"My husband bought yesterday at the Commissary's one barrel of flour, one bushel of potatoes, one peck of rice, five pounds of salt beef, and one peck of salt all for $60. In the street a barrel of flour sells for $115," reads one housewife's war diary.
"Today in the morning I went out to get bread and groceries. ... The streets are empty only bakeries are open and some grocery shops charging 4 times the normal prices," reads the war diary of a man in a city under siege.
The first quote above is from a Dec. 4, 1863, entry written in Richmond by Mary Chesnut. The second is by a man who calls himself Salam Pax, and it was written March 21, 2003, in Baghdad.
Chesnut's "Diary from Dixie" was handwritten and later published in book form. Salam Pax started chronicling his Baghdad experiences six months ago and published them in his blog blog being the shortened form of Web log, meaning a collection of personal observations available instantly to anyone who has an Internet connection.
Not much is known about Pax. He may or may not be a 29-year-old gay architect in Baghdad. He may or may not be a propagandist for one side or the other. Whatever he is, he's evenhanded: He says he condemns Saddam Hussein, and yet he questions whether one country can bomb another into democracy. Many believe he's real, and he certainly puts a personal face on the war in Iraq. So far as is known, he's the only Baghdad resident who's keeping a blog.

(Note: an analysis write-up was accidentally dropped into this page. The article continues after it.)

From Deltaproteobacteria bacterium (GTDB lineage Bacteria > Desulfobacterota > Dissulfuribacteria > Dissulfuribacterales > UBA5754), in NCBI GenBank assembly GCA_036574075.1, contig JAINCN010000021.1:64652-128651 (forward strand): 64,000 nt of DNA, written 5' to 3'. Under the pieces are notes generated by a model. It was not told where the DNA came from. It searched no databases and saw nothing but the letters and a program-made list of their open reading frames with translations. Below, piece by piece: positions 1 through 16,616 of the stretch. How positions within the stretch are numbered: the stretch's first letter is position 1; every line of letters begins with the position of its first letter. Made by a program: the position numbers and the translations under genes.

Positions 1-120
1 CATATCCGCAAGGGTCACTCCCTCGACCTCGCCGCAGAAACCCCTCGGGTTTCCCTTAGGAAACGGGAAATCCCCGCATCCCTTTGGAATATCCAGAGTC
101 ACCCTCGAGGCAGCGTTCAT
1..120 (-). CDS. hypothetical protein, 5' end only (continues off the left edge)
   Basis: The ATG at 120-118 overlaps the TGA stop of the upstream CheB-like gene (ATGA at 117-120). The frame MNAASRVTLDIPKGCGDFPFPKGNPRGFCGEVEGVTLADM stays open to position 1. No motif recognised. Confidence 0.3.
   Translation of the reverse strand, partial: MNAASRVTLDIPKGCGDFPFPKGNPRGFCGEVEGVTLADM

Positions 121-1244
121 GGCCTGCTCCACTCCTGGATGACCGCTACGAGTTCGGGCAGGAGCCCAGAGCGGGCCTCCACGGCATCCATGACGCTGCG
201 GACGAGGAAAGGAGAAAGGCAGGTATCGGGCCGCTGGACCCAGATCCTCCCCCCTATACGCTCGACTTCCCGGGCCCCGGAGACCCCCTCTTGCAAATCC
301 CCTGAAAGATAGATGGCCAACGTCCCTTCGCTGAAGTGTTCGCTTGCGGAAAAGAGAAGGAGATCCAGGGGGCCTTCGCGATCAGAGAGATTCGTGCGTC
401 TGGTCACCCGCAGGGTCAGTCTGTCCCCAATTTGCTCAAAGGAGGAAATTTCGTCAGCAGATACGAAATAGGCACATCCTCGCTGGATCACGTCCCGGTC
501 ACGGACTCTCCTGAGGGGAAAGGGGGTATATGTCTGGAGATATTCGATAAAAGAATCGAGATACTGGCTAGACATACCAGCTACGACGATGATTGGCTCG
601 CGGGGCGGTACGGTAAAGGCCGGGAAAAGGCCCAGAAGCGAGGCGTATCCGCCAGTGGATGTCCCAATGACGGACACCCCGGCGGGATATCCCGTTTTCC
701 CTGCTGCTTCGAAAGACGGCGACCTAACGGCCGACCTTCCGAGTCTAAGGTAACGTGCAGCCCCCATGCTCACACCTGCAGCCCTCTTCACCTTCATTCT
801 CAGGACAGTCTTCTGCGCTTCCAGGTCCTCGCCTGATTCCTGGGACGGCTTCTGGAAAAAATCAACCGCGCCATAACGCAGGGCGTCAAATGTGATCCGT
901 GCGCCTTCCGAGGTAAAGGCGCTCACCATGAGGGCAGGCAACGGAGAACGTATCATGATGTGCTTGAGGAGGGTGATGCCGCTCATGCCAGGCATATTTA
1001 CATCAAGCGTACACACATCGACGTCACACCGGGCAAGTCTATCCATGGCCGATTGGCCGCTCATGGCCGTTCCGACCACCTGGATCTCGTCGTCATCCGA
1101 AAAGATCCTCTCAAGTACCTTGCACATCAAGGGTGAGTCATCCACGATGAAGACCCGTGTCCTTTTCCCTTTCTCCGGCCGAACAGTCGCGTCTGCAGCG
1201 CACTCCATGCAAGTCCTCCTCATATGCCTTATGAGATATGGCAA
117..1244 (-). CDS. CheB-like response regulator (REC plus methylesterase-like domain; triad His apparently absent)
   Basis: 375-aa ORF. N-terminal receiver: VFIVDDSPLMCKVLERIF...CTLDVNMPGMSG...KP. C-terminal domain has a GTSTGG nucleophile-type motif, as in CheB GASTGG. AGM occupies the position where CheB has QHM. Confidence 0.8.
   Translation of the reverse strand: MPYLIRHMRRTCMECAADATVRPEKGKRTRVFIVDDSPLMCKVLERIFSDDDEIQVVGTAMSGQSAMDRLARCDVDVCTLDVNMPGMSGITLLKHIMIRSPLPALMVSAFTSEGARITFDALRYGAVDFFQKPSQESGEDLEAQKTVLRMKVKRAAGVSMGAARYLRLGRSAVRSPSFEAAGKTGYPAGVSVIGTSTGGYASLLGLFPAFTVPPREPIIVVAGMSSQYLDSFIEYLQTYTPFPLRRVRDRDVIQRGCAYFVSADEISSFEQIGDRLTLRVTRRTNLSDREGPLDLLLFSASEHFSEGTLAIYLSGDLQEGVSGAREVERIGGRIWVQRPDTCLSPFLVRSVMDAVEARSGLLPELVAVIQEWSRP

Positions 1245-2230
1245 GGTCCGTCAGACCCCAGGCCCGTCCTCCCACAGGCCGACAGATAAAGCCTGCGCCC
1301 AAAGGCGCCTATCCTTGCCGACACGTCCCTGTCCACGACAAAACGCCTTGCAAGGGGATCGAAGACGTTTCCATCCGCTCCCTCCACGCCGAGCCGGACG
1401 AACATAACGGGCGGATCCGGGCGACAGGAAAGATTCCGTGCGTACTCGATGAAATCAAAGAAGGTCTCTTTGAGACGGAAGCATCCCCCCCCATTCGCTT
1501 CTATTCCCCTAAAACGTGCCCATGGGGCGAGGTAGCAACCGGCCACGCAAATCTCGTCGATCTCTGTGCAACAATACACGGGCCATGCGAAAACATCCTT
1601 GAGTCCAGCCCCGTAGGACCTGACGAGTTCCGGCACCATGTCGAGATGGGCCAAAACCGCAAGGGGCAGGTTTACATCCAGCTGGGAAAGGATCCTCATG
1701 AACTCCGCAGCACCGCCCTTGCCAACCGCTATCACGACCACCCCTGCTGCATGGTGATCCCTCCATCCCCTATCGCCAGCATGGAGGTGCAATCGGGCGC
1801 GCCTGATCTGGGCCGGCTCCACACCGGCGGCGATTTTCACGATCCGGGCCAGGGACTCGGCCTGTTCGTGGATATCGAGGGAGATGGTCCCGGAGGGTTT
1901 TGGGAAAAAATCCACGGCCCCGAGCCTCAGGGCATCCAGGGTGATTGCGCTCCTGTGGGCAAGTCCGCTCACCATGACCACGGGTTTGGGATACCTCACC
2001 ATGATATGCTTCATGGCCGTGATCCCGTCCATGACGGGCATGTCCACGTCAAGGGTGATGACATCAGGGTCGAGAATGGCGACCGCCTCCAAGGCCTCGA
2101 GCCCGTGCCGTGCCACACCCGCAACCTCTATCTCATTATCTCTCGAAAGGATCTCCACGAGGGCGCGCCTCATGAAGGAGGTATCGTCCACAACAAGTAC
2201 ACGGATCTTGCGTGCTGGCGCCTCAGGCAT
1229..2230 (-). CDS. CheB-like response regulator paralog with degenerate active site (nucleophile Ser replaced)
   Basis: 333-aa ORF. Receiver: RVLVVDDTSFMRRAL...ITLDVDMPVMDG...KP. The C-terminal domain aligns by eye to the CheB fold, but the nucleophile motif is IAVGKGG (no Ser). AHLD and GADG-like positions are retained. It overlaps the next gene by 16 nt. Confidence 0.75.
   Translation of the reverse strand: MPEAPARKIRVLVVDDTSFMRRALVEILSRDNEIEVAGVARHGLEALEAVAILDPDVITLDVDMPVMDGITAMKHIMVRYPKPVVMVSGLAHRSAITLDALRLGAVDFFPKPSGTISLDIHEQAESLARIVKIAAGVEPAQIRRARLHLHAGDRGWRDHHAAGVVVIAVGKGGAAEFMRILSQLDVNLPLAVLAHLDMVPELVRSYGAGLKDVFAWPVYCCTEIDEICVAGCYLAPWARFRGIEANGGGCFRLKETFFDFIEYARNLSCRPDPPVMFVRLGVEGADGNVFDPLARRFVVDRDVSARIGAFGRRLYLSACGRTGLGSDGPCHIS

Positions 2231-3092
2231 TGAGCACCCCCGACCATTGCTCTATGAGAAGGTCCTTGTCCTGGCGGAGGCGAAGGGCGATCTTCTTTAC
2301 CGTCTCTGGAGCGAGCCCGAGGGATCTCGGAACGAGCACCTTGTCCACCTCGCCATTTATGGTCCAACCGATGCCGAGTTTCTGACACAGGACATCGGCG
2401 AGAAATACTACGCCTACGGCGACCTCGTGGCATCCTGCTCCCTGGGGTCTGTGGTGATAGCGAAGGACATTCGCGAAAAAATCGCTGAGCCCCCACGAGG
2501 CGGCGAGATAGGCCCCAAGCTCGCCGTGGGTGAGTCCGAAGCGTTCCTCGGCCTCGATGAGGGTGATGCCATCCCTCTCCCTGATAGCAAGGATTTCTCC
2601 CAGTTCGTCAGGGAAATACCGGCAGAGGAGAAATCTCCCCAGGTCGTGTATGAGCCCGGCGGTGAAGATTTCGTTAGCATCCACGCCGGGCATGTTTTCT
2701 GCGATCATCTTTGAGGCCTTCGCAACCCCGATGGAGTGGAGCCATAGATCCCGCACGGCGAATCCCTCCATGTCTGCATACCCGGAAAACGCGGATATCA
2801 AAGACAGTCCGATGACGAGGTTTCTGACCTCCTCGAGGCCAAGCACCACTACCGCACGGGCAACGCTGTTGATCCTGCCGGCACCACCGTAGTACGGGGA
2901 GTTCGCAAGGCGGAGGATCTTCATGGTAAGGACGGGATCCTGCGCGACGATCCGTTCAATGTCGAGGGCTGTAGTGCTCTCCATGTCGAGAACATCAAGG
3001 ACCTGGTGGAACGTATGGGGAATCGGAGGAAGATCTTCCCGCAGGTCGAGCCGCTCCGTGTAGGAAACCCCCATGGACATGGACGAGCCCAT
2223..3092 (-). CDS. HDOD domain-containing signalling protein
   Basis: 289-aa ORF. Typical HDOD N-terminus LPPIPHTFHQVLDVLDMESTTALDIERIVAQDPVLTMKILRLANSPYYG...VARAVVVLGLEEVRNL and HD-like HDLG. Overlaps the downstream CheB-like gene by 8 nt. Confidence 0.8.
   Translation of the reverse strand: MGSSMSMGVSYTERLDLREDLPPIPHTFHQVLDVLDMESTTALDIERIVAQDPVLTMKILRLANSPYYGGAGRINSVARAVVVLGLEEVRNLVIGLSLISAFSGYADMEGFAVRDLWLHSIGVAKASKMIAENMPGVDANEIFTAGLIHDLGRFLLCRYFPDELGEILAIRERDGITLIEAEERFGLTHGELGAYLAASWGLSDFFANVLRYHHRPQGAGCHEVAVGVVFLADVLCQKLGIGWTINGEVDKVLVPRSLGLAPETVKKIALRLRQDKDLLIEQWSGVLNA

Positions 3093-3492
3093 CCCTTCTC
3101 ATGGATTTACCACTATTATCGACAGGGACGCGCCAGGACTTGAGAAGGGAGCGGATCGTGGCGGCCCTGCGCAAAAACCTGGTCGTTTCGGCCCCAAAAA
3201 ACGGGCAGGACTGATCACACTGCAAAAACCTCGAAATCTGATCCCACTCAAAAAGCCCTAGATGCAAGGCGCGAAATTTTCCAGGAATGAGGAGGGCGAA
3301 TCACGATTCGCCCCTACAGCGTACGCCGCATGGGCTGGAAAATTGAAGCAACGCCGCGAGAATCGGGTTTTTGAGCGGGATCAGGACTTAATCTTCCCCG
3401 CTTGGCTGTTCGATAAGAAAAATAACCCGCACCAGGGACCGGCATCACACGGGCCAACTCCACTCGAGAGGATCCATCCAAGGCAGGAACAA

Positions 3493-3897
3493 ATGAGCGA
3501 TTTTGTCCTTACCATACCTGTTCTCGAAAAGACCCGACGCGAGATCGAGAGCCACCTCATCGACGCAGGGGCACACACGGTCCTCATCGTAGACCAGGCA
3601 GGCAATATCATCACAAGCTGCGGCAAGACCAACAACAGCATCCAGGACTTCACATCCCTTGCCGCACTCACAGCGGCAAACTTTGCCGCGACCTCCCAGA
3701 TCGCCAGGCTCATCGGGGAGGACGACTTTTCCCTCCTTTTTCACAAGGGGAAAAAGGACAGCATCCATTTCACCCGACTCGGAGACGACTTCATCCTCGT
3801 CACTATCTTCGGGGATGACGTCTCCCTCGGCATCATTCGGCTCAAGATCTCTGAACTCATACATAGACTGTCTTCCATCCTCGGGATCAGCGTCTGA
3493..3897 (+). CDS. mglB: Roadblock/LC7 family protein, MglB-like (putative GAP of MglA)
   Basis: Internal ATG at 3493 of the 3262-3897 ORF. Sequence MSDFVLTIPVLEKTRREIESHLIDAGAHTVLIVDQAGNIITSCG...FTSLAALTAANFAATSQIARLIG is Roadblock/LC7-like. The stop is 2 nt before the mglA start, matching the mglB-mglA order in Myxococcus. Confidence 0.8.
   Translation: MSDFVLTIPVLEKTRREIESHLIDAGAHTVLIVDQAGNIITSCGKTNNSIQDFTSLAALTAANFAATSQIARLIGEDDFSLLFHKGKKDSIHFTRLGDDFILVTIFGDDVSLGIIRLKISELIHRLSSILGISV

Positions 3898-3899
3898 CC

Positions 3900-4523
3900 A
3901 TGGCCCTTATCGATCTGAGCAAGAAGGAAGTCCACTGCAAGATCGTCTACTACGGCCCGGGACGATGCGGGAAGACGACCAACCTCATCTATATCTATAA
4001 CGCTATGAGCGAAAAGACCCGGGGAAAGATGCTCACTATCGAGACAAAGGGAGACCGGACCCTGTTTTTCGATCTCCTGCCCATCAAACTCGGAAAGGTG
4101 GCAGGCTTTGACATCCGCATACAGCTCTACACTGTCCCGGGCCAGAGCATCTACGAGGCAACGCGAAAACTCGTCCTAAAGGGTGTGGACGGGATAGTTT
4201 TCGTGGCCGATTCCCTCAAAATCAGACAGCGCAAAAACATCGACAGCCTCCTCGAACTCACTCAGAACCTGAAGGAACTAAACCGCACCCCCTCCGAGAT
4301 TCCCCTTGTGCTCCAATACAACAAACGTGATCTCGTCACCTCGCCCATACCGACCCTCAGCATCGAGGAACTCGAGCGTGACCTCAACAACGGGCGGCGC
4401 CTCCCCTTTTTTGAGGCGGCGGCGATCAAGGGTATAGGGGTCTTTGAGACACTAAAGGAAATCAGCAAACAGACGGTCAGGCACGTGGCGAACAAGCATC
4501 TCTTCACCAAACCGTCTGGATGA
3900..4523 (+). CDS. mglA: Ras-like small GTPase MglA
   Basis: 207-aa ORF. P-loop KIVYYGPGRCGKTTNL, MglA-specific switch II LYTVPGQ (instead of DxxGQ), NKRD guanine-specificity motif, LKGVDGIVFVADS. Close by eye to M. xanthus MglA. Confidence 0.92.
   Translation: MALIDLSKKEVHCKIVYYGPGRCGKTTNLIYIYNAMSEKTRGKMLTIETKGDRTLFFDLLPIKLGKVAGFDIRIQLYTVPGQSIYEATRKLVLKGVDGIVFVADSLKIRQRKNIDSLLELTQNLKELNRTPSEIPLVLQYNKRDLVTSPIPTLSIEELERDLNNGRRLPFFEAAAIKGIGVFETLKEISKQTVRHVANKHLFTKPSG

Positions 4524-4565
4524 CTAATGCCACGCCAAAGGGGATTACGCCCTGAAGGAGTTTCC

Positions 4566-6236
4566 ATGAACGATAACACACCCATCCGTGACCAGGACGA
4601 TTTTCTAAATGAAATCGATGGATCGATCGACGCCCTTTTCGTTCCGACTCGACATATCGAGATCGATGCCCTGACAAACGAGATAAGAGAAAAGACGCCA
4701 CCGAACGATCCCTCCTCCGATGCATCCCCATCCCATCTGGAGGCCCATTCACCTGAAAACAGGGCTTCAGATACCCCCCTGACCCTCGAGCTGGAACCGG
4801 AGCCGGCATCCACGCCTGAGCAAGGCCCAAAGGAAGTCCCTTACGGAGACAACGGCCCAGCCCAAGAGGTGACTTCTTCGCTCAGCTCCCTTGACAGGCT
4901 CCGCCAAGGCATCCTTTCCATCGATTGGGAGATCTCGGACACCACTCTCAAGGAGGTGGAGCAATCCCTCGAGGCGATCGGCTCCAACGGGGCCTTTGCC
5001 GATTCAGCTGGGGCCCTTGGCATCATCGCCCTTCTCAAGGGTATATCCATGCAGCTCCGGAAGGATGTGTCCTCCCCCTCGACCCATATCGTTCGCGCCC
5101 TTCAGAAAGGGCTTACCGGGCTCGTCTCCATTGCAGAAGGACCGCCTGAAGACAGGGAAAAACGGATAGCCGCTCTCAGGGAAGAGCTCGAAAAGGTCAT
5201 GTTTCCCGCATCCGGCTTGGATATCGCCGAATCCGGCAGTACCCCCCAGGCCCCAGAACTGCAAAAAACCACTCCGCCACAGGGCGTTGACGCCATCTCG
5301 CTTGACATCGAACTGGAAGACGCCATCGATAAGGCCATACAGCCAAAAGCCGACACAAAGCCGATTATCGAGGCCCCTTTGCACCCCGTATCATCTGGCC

Readers of his online diary have seen his descriptions of bombs falling on his favorite buildings in Baghdad and read his account of those oil trenches encircling the city being set afire, spreading a greasy black pall over the capital.
On the third day of the war he wrote, "The whole city looked as if it were on fire. The only thing I could think of was 'why does this have to happen to Baghdad.' As one of the buildings I really love went up in a huge explosion I was close to tears."
On March 24, he wrote, "Today my father and brother went out to see what happening in the city, they say that it does look that the hits were very precise, but when the missiles and bombs explode they wreck havoc in the neighborhood where they fall. ... I guess that is what is called 'collateral damage' and that makes it OK?"
Richmond was on the losing side of the war that Mary Chesnut wrote about. Salam Pax's Baghdad will probably face the same fate. But it's the details, the intimate glimpses at how people cope with the unthinkable that fascinate. Chesnut's words are still with us 140 years later. Salam Pax's are haunting readers worldwide today. S
Salam Pax's last entry was March 24. As of this writing, he has not added to his diary. You can read his blog at http://dear_raed.blogspot.com.
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